CHICAGO – United Airlines set out to repair its image Thursday, with its chief executive promising to refocus on customers as the company announced changes following the infamous dragging incident that caused worldwide outrage.
The airline will now offer passengers up to $10,000 in compensation to be bumped off overbooked flights, and reduce overbooking in the first place.
Those and other changes, which the airline called “substantial,” are the result of a two-week internal probe of the April 9 incident, video of which went viral.
Passenger David Dao was pulled from his seat and dragged off the full plane by airport security in Chicago to make room for airline crew.
The 69-year-old doctor suffered a concussion, and a broken nose and teeth, according to his lawyers.
In an interview Thursday with NBC News, United chief executive Oscar Munoz said the airline will refocus its business by “putting the customer at the center” and avoiding issues in which employees, passengers and law enforcement are placed in “impossible situations.”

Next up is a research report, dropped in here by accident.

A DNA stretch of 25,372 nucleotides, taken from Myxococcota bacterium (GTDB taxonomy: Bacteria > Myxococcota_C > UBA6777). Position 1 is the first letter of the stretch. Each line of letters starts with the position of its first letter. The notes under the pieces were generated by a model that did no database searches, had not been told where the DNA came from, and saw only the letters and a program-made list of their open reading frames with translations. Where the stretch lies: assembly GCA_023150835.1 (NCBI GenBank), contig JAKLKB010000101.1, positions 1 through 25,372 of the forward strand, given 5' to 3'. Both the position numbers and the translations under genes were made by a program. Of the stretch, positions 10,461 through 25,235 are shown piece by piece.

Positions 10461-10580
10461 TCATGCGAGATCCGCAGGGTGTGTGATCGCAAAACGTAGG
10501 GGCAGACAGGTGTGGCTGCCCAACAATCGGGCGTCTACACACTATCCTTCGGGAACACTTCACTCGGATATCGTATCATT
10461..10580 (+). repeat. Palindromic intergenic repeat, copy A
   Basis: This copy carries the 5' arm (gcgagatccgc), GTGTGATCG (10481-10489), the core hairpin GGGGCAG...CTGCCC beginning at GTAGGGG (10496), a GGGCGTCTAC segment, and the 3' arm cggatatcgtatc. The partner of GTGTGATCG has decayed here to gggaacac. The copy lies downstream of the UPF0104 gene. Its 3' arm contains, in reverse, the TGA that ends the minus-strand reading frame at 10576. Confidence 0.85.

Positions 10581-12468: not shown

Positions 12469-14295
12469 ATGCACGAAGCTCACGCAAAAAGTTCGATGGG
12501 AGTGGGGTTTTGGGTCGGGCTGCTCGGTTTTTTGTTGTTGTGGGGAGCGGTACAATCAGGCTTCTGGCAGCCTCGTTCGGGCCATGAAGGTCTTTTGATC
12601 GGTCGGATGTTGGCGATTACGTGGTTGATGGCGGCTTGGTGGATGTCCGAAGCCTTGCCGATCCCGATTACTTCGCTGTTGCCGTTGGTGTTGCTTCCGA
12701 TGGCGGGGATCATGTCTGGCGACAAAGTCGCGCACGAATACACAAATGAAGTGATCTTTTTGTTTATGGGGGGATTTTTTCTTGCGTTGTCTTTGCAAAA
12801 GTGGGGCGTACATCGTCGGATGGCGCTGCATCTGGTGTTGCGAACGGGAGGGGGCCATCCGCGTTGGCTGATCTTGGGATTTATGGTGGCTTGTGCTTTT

Video of Dao’s ordeal captured by fellow Flight 3411 passengers — which included images of the doctor bloodied — triggered widespread indignation.
After initial missteps in which the company appeared to at least partially blame Dao, the carrier and Munoz apologized repeatedly and launched the internal review to find out what went wrong.
“We breached public trust, and it’s a serious breach,” Munoz told NBC News.
The carrier’s report highlighted 10 changes, including increasing its cash enticement to $10,000, effective Friday, to get customers to voluntarily give up their seats on overbooked flights.
The crew on Flight 3411 had only offered $1,000, the report said.-AFP